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Idaho lawmakers consider 2 animal cruelty bills

Published on March 15, 2012 3:01AM

Last changed on March 15, 2012 1:49PM


Associated Press

BOISE, Idaho (AP) -- The state House passed a bill Wednesday that would put felony animal abuse laws on the books in Idaho for the first time and would take the steam out of a ballot initiative by animal rights groups seeking much stiffer penalties.

Under the legislation, people convicted of torturing pets or companion animals would face a felony charge on the third offense, and organizers of gamecock fights where drugs and gambling are present would face felony charges on the first offense.

The measure was applauded by animal welfare groups.

House lawmakers voted 64-4 to pass the plan, which sponsor Sen. Ken Andrus calls a realistic proposal that toughens state laws while still protecting Idaho's agriculture industry by exempting livestock and production animals.

"In my mind, we've done the prudent thing to do," said Andrus, chairman of the House Agricultural Committee. "I think it's naive to think we cannot do anything."

That House committee approved a separate animal abuse bill later Wednesday, which the livestock industry has supported. That plan would apply to all animals and make a third animal cruelty conviction in 15 years a felony.

Animal rights activists say that plan does not go far enough because it doesn't address torture or rooster fights.

The livestock industry-backed legislation was overwhelmingly approved by the Senate in February, but was considered weak by the animal rights groups seeking a stricter voter initiative.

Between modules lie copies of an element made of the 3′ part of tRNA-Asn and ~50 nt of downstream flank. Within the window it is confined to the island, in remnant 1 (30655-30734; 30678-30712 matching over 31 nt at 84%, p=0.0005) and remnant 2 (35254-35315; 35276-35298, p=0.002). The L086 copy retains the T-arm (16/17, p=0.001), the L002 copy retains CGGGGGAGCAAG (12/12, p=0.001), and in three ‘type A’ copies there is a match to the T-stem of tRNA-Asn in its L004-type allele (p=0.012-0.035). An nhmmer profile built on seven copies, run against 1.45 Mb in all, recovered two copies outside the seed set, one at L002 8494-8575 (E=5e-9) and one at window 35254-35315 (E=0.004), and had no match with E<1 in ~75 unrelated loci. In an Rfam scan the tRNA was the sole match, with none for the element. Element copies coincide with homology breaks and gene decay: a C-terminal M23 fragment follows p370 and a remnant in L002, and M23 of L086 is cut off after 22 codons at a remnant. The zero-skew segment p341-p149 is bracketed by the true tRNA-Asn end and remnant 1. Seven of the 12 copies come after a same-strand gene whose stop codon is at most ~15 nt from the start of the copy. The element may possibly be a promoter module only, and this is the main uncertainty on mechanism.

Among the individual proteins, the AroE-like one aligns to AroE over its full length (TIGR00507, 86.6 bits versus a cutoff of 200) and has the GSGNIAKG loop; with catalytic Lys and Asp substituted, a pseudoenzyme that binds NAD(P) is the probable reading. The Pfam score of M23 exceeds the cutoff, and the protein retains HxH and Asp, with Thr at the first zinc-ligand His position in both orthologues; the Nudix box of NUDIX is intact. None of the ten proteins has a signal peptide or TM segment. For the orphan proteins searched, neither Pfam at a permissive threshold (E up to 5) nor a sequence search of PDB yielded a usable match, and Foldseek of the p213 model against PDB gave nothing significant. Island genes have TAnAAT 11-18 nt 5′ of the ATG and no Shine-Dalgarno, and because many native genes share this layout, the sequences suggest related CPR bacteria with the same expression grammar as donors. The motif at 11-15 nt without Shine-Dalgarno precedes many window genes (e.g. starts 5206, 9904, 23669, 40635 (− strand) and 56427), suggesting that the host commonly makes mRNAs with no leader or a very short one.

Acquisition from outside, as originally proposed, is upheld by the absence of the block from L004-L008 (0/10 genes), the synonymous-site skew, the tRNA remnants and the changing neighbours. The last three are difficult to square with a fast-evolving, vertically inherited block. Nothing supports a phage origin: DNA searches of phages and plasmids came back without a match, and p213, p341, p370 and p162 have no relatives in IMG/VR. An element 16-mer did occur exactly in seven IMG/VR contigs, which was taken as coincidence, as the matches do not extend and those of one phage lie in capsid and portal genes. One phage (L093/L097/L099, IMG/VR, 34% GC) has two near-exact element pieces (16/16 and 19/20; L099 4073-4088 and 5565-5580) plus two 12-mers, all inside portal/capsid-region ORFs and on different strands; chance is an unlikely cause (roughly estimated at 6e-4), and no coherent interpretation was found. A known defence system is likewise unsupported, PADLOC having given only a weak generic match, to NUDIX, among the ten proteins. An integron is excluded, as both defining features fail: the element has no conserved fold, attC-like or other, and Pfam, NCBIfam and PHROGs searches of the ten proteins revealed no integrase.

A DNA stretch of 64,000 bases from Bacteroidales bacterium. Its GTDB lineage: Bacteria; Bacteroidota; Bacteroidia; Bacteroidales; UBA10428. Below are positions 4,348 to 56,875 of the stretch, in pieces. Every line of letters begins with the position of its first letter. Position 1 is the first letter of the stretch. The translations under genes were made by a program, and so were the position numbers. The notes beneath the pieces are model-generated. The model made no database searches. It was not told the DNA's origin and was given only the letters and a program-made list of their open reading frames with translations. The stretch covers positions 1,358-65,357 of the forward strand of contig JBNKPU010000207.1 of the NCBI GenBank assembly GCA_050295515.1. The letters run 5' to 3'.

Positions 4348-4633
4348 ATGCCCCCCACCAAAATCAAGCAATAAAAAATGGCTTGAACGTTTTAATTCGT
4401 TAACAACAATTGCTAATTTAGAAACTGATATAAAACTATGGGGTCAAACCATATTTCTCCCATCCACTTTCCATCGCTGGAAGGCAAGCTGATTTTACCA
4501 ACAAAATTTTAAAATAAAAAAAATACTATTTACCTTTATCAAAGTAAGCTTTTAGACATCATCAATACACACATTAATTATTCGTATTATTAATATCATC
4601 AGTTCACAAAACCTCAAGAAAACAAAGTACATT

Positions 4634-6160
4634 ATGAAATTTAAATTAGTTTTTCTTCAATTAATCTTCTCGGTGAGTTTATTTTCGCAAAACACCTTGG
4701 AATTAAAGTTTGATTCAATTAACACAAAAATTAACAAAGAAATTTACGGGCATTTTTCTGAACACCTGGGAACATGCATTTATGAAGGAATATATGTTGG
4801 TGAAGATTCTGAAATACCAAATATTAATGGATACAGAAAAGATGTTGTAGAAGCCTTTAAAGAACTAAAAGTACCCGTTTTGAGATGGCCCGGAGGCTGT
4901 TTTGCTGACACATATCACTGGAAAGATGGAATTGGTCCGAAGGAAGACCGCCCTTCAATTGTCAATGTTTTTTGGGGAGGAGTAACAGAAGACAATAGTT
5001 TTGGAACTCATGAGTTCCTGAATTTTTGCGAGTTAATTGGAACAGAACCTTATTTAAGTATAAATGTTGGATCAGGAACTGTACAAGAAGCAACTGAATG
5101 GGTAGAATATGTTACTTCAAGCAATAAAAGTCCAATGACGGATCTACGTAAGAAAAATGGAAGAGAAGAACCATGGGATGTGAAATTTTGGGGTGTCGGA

Idaho's powerful agriculture industry is wary of animal cruelty measures, but Lee Bradshaw, president elect of the Idaho Cattle Association, said people who routinely harm their animals should face tougher penalties.

"I believe individuals who continually neglect such responsibilities should be punished accordingly," Bradshaw said.

Idaho and the Dakotas are the only states without a felony animal cruelty law, and either bill considered Wednesday would remove Idaho from the list.

Meanwhile, animal rights groups are in the process of collecting nearly 50,000 signatures to put an initiative in front of voters in November asking for first-offense felonies in some instances.

But Andrus' animal torture bill has curried support from some of the animal rights groups and divided that effort.

The Humane Society of the United States, once in favor of the ballot initiative, applauded the Idaho Legislature on passing the anti-torture measure.

And by acting now, lawmakers can show the public they've taken the issue seriously in even if the initiative makes it in front of voters, said Andrus, chairman of the House Agricultural Affairs Committee

"I think there is some justification for concern about mistreatment of animals. I've tried to do this in a way that is reasonable," Andrus said.

Copyright 2012 The Associated Press.


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